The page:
Windows Explored

Everyday Windows Desktop Support, Advanced Troubleshooting & Other OS Tidbits

When RDP “Disconnects”, It Might Be Crashing

Posted by William Diaz on June 18, 2012


It was reported by a local office technician that over the course of a few days several users were connecting to a site over the web that used Remote Desktop Connection to connect a remote desktop/terminal services session. Shortly after connecting, users complained the their session was being disconnected. The issue was initially troubleshot as possibly a local setting in the OS, such as the IE proxy or maybe the TMG firewall client, but switching to different proxy made no difference. It was then assumed that perhaps our network work was part of the problem. Port issue? Not likely, ports 443 and 3389 are too common and since the users were able to connect initially, this could be eliminated as the cause. Last, the remote site technical support was contacted and asked at what point inactive sessions were being dropped. The answer to that was 1 hour and so this, too, was eliminated as the cause.

Eventually, the issue made it my way, and the first thing I thought was that this was not specifically a “disconnect”. When I think disconnect, I’m thinking along the lines of excessive packet loss or corruption between the client and the server which results in a dropped connection. Another cause for a disconnected application could be that the client app or one of its components that handles the connection is crashing. To confirm my suspicion, I asked the local tech to provide me the name of one of the affected workstations. All the affected workstation were running Windows XP, which meant that if the RDP client was crashing, the post mortem debugger might be capturing this. I navigated across the network to \\computername\c$\Documents and Settings\All Users\Application Data\Microsoft\Dr Watson and saw a recent drwtsn32.log and user dump.

 

I love Dr Watson because it makes basic crash analysis so easy. Bypassing the dump, you can just jump into the plain text log. The log contains a history of application crashes that the it has captured over the course of the operating system’s install-lifetime experienced in any user account. This makes it an excellent troubleshooting tool for going back into time (the user.dmp is overwritten each time it is generated). Scrolling to the bottom of the log and searching up for the last application crash confirms the RDP client, mstsc.exe, was encountering an access violation exception:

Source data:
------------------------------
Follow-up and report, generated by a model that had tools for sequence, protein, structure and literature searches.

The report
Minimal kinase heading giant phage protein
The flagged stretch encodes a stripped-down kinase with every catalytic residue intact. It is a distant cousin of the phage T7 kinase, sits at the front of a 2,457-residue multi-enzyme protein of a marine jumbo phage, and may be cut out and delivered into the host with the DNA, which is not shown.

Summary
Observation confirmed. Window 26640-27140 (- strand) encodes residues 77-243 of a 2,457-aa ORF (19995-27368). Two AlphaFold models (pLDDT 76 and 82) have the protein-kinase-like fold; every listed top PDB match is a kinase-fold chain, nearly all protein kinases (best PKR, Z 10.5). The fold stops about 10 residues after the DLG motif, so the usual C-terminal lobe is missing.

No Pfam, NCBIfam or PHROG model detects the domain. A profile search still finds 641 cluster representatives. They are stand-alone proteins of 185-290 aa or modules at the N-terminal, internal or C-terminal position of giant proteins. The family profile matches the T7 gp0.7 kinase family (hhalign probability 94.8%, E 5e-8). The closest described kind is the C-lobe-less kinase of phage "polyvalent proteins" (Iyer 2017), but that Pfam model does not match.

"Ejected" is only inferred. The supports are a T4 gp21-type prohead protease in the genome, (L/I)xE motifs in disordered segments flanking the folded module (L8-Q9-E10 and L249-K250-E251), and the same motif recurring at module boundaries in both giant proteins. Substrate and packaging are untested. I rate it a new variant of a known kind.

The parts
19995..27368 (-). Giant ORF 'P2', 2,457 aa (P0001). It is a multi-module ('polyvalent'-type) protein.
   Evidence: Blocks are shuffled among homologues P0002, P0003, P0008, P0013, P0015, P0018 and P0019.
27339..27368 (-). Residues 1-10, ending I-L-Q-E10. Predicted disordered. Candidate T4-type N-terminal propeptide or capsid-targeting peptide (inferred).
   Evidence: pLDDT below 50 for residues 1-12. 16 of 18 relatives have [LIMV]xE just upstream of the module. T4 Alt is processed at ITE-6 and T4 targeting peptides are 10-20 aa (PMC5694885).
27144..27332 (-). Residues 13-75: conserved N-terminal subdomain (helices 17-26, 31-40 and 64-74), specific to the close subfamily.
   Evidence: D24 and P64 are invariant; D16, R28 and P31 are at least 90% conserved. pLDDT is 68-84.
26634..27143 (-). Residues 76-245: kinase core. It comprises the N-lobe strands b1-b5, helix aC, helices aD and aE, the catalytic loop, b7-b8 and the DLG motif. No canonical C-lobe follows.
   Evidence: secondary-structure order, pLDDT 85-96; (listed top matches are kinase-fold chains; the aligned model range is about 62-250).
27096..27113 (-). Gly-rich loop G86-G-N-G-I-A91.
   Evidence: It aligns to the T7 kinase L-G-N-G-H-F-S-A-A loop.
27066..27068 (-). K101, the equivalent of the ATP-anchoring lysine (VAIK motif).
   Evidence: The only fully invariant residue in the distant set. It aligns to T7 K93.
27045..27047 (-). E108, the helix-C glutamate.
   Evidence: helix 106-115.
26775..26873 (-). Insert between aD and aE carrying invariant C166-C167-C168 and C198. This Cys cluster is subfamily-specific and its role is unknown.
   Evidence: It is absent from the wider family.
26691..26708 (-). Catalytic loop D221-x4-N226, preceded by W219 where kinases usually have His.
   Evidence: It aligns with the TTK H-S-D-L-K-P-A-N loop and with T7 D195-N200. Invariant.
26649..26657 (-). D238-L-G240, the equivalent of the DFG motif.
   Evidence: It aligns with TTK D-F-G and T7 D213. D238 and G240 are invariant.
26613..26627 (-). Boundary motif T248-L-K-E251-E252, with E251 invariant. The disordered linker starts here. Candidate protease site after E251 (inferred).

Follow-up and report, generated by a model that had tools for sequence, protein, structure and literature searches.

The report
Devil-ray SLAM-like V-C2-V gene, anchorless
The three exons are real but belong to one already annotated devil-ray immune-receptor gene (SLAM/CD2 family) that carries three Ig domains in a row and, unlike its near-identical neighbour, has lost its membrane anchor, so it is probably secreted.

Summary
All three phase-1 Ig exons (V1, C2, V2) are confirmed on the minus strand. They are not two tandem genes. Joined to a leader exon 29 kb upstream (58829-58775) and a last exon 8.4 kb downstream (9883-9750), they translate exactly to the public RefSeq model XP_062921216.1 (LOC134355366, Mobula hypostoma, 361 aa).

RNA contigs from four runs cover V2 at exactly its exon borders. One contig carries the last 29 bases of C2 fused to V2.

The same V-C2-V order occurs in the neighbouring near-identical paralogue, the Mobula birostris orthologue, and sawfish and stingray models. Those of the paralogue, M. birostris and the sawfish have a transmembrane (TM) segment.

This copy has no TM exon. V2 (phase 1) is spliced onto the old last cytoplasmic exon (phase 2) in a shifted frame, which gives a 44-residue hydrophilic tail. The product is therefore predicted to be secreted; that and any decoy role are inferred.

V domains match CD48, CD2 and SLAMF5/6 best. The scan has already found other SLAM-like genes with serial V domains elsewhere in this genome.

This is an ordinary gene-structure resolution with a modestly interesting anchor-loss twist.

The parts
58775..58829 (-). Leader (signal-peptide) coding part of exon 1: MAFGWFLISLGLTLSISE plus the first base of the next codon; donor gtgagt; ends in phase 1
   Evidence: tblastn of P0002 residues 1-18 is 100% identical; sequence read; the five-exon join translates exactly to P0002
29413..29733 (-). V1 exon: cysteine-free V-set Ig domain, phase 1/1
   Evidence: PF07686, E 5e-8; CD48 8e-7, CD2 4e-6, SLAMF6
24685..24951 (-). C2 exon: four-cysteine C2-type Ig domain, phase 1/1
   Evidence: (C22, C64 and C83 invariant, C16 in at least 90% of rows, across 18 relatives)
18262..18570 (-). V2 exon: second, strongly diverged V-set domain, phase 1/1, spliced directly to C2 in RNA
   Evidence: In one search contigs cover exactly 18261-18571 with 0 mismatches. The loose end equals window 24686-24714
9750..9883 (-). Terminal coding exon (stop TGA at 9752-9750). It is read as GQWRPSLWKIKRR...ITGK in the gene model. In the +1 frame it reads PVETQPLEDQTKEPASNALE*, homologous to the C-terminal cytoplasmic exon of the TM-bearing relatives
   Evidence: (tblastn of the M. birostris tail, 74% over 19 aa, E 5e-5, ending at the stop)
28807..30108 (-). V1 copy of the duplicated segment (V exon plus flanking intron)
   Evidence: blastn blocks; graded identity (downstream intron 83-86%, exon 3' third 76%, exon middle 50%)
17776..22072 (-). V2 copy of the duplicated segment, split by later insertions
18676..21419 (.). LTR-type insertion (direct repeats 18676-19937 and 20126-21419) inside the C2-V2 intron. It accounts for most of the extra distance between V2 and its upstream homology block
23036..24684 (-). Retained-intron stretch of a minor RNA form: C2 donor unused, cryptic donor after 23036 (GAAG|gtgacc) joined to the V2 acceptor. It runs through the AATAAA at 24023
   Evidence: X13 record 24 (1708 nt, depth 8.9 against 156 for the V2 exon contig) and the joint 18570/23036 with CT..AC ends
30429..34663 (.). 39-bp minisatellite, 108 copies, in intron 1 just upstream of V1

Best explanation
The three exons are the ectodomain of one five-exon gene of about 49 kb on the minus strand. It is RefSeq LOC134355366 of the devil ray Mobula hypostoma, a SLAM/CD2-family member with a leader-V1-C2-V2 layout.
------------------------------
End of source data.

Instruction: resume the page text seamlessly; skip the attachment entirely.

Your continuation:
Application exception occurred:
        App: C:\WINDOWS\system32\mstsc.exe (pid=4928)
        When: 6/4/2012 @ 21:07:39.607
        Exception number: c0000005 (access violation)

 

The next step is to find the thread stack where the FAULT is occurring, perhaps some 3rd party module might allude to the cause:

FAULT ->77c46fa3 f3a5            rep  movsd ds:0221e000=???????? es:021acdac=00000000
        77c46fa5 ff2495b870c477  jmp dword ptr [msvcrt!memcpy+0x148 (77c470b8)+edx*4]
        77c46fac 8bc7             mov     eax,edi
        77c46fae ba03000000       mov     edx,0x3
        77c46fb3 83e904           sub     ecx,0x4
        77c46fb6 720c             jb      msvcrt!memcpy+0x54 (77c46fc4)
        77c46fb8 83e003           and     eax,0x3
        77c46fbb 03c8             add     ecx,eax
        77c46fbd ff2485d06fc477   jmp dword ptr [msvcrt!memcpy+0x60 (77c46fd0)+eax*4]
        77c46fc4 ff248dc870c477  jmp dword ptr [msvcrt!memcpy+0x158 (77c470c8)+ecx*4]
        77c46fcb 90               nop

*—-> Stack Back Trace <—-*
WARNING: Stack unwind information not available. Following frames may be wrong.
ChildEBP RetAddr  Args to Child             
0305fe20 4d8820ef 021aa1ac 0221b400 0000ff80 msvcrt!memcpy+0x33
0305fe40 4d881b4c 0221b400 0000ff80 0305fe70 mstscax+0x1720ef
0305fe50 4d879913 02094338 0221b400 0000ff80 mstscax+0x171b4c
0305fe70 4d87c4d6 02094338 021f7d88 00000014 mstscax+0x169913
0305fe9c 4d87d3d4 02094338 00000000 02094338 mstscax+0x16c4d6
0305feb0 4d87a7f1 02094a28 02094338 00000101 mstscax+0x16d3d4
0305fef4 4d881e11 02094a28 02094338 00000000 mstscax+0x16a7f1
0305ff14 4d881399 02095ad0 021a9584 01ea7c10 mstscax+0x171e11
0305ff58 4d88140c 01eabe20 0000000c 0305ff8c mstscax+0x171399
0305ff68 4d85bfe8 021a9584 0000000c 01eabe20 mstscax+0x17140c
0305ff8c 4d85e961 01ea7c10 0010f478 00000000 mstscax+0x14bfe8
0305ffac 4d85e9a2 0305ffec 7c80b729 02096998 mstscax+0x14e961
0305ffb4 7c80b729 02096998 0010f478 00000000 mstscax+0x14e9a2
0305ffec 00000000 4d85e995 02096998 00000000 kernel32!GetModuleFileNameA+0x1ba

 

Nothing 3rd party here, mstscax is the Terminal Services ActiveX client. Assuming the problem is with the Remote Desktop Connection client itself or one of its other components, I recommended that the users needing access to the remote server upgrade to the latest RDC client for Windows XP, 7.0. This can be found here: http://support.microsoft.com/kb/969084. From previous experience with a similar issue, installing the latest RDC client was enough to correct; and after a follow up with the local tech, the problem was reported as resolved.

The important lesson here is that being disconnected from network resource doesn’t necessarily mean that this is due to packet loss or instability. This kind of assumption can send you on a wild goose chase through the OS networking subsystem or the larger network itself. With a little knowledge of crash dumps, and more specifically the post-mortem debugger in XP, the problem was quickly identified.

That being said, Windows Vista/7 has done away with a default post-mortem debugger of any kind. However, you can enable crash dump archiving in all Windows OS’ after XP by simply creating a registry key. See here or here for details.

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